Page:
Records at the Sonoma County Archives are used by those involved in land-use planning. For instance, a 1946 Bodega Bay tidelands survey found at the Archives answered questions about whether the Meredith pier, proposed for demolition, was sitting on fill or not. This proved to be an important bit of information for Sonoma County General Services staff in charge of the demolition project.
Anyone researching Sonoma County’s law enforcement history will find the Archives chockablock with fascinating material such as books of arrests, monthly reports from the county jail, and police court docket minutes.
Some of the materials housed at the Archives exist in other formats elsewhere. However, it is not uncommon to discover that a document, map, etc. thought to have been microfilmed wasn’t. Such is the case with Road Book No. 1 – Proceedings of the Board of Supervisors, January 1873 to January 1880.
The Sonoma County Administrator’s office has microfilm copies of nearly all the minutes for board proceedings, but not this book. Land surveyors rely on records such as these to resolve rights of way issues that impact private and public property owners alike.
Even when microfilming captures the data correctly, it is a poor substitute when the original is a color survey like the one created for the proposed town of Agua Caliente in 1888.
These are just a few examples of the amazing items housed at the Archives at Los Guilicos. A small fraction of what exists can be found by visiting the Sonoma County Library online catalog.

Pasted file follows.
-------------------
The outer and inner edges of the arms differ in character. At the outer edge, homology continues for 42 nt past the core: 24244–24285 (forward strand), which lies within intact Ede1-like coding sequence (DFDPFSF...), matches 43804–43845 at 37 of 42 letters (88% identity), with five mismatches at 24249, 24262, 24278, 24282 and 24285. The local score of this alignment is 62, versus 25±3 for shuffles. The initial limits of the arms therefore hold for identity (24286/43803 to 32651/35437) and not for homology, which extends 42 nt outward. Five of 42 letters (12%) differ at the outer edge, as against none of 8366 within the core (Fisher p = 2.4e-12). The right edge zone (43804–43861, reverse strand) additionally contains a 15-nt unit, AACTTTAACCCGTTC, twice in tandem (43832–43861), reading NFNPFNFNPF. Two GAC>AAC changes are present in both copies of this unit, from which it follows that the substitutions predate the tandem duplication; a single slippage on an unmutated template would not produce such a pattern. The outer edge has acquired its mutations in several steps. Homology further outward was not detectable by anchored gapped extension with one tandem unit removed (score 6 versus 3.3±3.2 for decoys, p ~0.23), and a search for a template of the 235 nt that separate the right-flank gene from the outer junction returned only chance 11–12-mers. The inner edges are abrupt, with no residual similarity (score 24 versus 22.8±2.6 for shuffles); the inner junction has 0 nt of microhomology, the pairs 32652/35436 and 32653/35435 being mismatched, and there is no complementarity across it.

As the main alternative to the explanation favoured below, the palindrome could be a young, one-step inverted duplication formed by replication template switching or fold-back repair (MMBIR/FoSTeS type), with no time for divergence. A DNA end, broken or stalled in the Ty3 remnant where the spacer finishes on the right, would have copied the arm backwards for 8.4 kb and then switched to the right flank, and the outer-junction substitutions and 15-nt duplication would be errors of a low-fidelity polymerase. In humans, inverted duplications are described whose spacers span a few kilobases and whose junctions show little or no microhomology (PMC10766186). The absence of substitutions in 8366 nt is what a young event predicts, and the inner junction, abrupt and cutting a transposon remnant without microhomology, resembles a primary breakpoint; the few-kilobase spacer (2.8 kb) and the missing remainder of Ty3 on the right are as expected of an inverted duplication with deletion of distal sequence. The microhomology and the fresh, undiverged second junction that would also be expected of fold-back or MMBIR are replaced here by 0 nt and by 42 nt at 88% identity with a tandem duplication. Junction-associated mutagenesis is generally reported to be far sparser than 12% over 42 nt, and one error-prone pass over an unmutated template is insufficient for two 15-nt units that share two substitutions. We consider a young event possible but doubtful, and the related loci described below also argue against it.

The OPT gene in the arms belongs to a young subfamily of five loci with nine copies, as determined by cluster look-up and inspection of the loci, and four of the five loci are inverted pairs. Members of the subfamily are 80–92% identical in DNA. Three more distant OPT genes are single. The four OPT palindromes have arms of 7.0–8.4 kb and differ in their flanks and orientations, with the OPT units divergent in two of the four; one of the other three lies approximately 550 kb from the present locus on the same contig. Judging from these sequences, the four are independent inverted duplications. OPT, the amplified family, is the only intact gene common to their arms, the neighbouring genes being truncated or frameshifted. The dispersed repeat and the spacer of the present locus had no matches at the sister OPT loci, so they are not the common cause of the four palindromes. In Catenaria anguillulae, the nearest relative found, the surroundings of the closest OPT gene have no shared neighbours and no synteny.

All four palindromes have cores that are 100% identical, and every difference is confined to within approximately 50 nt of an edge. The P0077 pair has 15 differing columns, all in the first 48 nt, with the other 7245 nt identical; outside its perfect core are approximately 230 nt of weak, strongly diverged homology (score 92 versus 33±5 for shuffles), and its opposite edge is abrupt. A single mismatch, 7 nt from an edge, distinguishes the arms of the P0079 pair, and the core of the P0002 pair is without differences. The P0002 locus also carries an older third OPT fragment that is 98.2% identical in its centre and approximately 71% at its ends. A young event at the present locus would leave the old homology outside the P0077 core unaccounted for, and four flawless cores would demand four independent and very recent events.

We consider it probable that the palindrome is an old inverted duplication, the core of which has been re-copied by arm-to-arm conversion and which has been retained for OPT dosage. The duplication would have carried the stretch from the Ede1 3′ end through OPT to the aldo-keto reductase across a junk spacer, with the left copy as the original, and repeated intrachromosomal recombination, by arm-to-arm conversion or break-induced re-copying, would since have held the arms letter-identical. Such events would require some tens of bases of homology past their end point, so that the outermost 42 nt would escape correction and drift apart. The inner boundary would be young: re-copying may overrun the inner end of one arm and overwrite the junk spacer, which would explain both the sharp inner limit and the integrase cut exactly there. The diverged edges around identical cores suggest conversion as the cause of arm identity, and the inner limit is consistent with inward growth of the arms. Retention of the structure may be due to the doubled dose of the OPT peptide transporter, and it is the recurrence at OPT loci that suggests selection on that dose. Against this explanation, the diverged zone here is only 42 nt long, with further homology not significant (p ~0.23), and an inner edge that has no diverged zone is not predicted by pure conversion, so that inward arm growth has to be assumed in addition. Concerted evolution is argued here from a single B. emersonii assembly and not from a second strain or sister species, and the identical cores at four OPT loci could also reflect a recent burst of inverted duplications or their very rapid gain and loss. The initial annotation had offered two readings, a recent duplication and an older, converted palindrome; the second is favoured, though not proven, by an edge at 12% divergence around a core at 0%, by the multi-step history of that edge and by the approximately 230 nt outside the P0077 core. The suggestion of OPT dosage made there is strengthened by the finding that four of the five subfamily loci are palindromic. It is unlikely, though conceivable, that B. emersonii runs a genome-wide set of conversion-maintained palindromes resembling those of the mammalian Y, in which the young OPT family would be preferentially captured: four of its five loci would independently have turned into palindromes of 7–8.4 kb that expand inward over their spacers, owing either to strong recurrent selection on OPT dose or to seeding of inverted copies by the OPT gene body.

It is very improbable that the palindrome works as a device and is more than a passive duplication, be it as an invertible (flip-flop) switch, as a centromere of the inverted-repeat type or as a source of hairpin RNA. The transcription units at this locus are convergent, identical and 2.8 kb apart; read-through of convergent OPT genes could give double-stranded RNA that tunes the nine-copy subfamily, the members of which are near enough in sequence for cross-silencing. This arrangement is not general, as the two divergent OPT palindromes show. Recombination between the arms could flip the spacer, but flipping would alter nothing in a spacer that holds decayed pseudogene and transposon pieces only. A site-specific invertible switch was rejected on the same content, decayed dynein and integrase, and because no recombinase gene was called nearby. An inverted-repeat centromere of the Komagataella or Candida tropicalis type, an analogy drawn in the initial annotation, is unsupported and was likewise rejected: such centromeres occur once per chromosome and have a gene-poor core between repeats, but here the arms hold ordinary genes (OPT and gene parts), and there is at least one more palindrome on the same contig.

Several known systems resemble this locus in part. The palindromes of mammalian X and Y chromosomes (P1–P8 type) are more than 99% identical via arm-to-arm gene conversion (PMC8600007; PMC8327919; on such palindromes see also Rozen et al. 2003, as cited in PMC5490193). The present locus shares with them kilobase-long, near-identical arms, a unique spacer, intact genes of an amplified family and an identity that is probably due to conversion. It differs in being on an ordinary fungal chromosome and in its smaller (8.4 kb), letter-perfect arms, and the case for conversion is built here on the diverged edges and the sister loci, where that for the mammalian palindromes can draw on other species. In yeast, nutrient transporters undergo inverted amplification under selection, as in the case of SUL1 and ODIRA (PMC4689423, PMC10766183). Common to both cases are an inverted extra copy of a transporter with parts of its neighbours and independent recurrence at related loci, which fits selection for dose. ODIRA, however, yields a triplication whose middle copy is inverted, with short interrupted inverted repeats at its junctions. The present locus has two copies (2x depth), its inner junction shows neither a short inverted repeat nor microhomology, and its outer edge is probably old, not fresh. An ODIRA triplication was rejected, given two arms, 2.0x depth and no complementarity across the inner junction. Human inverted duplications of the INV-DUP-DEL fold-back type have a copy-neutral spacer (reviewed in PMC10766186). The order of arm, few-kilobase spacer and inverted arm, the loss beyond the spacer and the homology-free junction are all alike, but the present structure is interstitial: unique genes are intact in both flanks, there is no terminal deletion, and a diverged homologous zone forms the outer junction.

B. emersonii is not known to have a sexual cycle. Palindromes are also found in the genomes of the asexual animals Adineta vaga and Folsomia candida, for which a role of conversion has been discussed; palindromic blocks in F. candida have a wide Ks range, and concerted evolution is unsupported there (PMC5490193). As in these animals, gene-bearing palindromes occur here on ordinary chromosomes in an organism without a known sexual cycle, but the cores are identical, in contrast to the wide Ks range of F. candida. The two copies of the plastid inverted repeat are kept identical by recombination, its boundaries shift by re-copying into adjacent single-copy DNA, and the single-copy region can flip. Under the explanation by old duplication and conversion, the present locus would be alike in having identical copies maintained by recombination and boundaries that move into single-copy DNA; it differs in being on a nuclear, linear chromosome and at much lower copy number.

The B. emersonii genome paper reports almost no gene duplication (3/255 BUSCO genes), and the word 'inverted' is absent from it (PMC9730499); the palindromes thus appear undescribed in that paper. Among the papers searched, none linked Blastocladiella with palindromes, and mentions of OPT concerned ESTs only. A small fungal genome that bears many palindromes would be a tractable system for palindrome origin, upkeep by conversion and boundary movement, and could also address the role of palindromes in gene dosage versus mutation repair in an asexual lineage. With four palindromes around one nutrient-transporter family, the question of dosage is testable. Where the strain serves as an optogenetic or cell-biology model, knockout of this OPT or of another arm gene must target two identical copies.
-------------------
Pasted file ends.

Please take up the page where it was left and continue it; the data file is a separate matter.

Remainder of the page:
If the future of the Sonoma County Archives concerns you, and, if like me, you feel strongly that they need to be moved to a more secure location where improved management and access can be assured, then let me know by sending an email to Advocates for the Sonoma County Archives at firstname.lastname@example.org
I am a land surveyor who volunteers at the Marin County Free Library.
The librarian that manages these historical maps, photos, etc. is Laurie Thompson. I don’t know what your organization has done with these records but Marin has scanned much of theirs and are available to the public on-line.
link is: http://contentdm.marinlibrary.org/
Phil Danskin, LS 4794
Katherine J. Rinehart
Hi Phil – Thank you for your comment. I know Laurie Thompson well and have visited the Bill Schroeder collection at Marin Commons a few times. So impressive. A great model for the Sonoma County Library and the Board of Supervisors. I’m hoping that the Sonoma County Chapter of the CLSA will be inspired to advocate for such a facility here.
We need to contact our Supervisor and request a place in the queue of fire related needs—are the archives another PGE victim?
Katherine J. Rinehart
Hi Mike – yes, definitely recommend contacting the Board of Supervisors and the Sonoma County Library Commission. Some have suggested that PG&E funds could be used to help with relocation and management.
Please relocate these priceless Archives to a more secure location.
Katherine J. Rinehart
Hi Kate – I agree. To make this happen the Sonoma County Board of Supervisors and the Sonoma County Library Commission must hear from the public – to understand that this is a priority of their constituents.
Thank you for the article– fascinating and persuasive. Could you in future give the names and addresses for the commissioners and supervisors we should write about this issue?
Katherine J. Rinehart
Hi Carol – thank you for your suggestion. If you’d like to write a letter (rather than email) to the Library Commission you should address them to Deborah Doyle, Chair, Sonoma County Library Commission, 6135 State Farm Drive, Rohnert Park, CA 94928. For the Board of Supervisors: Susan Gorin, Chair of the Sonoma County Board of Supervisors, 575 Administration Drive, Room 100A, Santa Rosa, CA 95403. However, with COVID restrictions, I recommend emailing all of the commissioners and supervisors. Those addresses can be found by clicking on the hyperlinks in the blog.
Excellent article. We should all be concerned!